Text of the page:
I'm normally pretty rubbish when it comes to arrays, so I'm dubious that the code I've come up with does work correctly. It looks like it does on the face of it (and it sorts the 1000 element array in 1-2 seconds, less than a second if you remove the string showing which elements it used) but I am still not 100%. Could you all have a look and see that it does the task in hand correctly please? I used the same code as Golom to generate the array, then pass it to my sub:[white]
Code:
``````Private Sub Command4_Click()
Dim X()                         As Long
Dim cbuf                        As String
Dim N                           As Long
Dim UB                          As Long

ReDim X(999)                    ' Set the size of the array here

' This just generates some numbers for you
UB = UBound(X)
cbuf = ""
For N = 0 To UB
X(N) = Rnd * 100
If Rnd(X(N)) <= 0.45 Then X(N) = -2 * X(N)
cbuf = cbuf & X(N) & ", "
If (N > 0 And N Mod 10 = 0) Or N = UB Then
Debug.Print Left(cbuf, Len(cbuf) - 2)
cbuf = ""
End If
Next

Call TimeTest(X)

End Sub

Private Sub TimeTest(X() As Long)
Dim l As Long
Dim q As Long
Dim MaxSum1 As Long
Dim CurrentSum1 As Long
Dim startdate As Date
Dim used As String
Dim tempused As String

startdate = Now

For q = 0 To UBound(X)

For l = q To UBound(X)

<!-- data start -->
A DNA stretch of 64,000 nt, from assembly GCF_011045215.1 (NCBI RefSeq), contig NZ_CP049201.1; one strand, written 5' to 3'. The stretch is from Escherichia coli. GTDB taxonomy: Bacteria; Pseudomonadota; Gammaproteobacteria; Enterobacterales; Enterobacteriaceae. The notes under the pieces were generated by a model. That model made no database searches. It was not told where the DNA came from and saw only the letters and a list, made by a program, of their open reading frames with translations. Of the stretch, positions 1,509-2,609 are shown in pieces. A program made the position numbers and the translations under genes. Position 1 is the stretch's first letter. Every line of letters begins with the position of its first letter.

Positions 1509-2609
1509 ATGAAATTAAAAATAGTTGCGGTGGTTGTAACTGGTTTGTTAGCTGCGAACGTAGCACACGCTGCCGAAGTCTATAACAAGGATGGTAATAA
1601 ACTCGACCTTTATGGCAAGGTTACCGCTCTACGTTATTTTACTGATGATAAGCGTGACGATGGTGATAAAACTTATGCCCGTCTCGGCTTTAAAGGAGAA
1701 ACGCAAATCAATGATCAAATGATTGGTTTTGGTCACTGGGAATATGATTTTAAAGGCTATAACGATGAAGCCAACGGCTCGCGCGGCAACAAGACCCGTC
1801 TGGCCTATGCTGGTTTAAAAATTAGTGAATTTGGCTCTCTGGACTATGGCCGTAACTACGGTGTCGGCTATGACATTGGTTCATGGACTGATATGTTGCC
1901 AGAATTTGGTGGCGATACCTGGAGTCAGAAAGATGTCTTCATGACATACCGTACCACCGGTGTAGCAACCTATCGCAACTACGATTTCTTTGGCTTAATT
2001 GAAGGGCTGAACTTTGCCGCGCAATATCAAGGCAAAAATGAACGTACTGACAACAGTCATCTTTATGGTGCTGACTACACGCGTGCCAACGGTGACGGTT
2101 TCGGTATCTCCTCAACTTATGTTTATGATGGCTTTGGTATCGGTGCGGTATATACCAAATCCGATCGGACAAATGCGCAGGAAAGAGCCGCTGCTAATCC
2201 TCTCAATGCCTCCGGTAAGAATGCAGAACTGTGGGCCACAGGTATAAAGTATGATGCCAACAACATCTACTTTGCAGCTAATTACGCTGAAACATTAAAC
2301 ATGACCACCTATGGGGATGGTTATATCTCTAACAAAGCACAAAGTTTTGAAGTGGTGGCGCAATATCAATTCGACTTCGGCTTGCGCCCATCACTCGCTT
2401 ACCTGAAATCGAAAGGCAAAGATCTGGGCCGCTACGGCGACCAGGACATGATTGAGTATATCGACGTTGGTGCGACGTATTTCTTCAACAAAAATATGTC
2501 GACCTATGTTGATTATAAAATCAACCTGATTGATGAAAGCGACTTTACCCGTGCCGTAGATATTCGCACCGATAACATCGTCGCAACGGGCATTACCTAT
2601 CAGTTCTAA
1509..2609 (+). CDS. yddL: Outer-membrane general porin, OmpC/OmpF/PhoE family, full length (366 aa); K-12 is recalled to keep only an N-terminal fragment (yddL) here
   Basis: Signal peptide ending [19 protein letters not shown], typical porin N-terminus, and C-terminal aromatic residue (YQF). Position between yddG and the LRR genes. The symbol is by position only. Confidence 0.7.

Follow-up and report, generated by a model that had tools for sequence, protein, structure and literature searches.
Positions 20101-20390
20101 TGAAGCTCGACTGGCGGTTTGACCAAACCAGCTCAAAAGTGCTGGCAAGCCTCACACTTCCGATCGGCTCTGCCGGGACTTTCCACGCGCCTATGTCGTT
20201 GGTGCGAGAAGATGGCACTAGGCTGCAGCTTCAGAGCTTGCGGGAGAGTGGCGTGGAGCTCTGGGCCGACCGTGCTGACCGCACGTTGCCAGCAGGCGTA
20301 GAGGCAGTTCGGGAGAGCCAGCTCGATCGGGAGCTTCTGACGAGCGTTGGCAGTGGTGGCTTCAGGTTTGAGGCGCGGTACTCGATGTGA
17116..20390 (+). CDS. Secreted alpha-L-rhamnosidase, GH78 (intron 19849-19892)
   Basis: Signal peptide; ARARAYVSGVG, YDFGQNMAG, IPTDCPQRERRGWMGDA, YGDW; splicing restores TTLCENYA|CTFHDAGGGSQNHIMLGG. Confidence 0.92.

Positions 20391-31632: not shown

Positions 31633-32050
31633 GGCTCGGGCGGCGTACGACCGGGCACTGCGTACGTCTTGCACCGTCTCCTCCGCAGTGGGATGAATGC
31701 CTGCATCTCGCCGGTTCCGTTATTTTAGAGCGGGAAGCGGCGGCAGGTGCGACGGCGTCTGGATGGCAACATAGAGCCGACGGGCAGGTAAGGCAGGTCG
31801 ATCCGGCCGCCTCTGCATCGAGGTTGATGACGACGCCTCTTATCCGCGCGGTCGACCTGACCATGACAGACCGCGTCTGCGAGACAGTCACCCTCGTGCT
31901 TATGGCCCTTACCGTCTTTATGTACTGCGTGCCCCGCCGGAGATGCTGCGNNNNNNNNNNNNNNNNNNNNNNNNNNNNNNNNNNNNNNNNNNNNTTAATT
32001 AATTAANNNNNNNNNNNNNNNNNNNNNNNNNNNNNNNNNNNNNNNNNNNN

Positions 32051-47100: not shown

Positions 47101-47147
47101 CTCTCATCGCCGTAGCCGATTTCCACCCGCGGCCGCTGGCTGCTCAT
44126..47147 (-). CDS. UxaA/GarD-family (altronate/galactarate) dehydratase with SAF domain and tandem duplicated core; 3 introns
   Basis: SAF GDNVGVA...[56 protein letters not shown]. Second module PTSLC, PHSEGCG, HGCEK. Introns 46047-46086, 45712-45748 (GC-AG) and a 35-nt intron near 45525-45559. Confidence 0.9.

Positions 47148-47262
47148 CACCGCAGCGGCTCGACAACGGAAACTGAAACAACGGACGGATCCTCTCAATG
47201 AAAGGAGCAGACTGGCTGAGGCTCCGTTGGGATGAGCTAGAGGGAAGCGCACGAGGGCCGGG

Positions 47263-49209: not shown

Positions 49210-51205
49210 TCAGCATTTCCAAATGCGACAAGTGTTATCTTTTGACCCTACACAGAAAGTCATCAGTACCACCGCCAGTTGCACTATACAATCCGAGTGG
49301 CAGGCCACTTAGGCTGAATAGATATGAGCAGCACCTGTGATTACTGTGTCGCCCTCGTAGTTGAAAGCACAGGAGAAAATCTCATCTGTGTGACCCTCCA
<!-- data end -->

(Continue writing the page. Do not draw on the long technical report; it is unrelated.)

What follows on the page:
CurrentSum1 = CurrentSum1 + X(q + (l - q))
tempused = tempused & X(q + (l - q)) & ","
If CurrentSum1 > MaxSum1 Then
MaxSum1 = CurrentSum1
used = tempused
End If
Next l
CurrentSum1 = 0
tempused = ""
Next q

Debug.Print MaxSum1 & " in " & DateDiff("s", startdate, Now) & " seconds using " & used

End Sub``````
[/white] I know it doesn't work correctly for an array where all of the elements are negative at the moment but if it is correct in other ways I can correct that quite easily. This is just to check the logic really!!

Like I say, I'm not 100% sure that this works (correctly) and would welcome anyone pointing out that it doesn't and why!!!

Cheers

HarleyQuinn
---------------------------------
Get the most out of Tek-Tips, read FAQ222-2244 before posting.

Here's a solution from John Bentley. On my machine it solves the problem for an array of 1,000,000 elements in about half a second
Code:
``````[COLOR=white white]Private Sub MaxEndMethod(X() As Long)
Dim MaxSoFar                    As Long
Dim MaxEndingHere               As Long
Dim I                           As Long
Dim tm                          As Double
tm = Timer

For I = LBound(X) To UBound(X)
MaxEndingHere = IIf(MaxEndingHere + X(I) < 0, 0, MaxEndingHere + X(I))
If MaxEndingHere > MaxSoFar Then MaxSoFar = MaxEndingHere
Next

MsgBox "MAX ENDING METHOD" & vbCrLf & _
Format(UBound(X) + 1, "###,##0") & " Elements" & vbCrLf & _
"Sum = " & MaxSoFar & vbCrLf & _
"Time: " & Format((Timer - tm), "0.000000") & " seconds"

End Sub
[/color]``````

[small]No! No! You're not thinking ... you're only being logical.
- Neils Bohr[/small]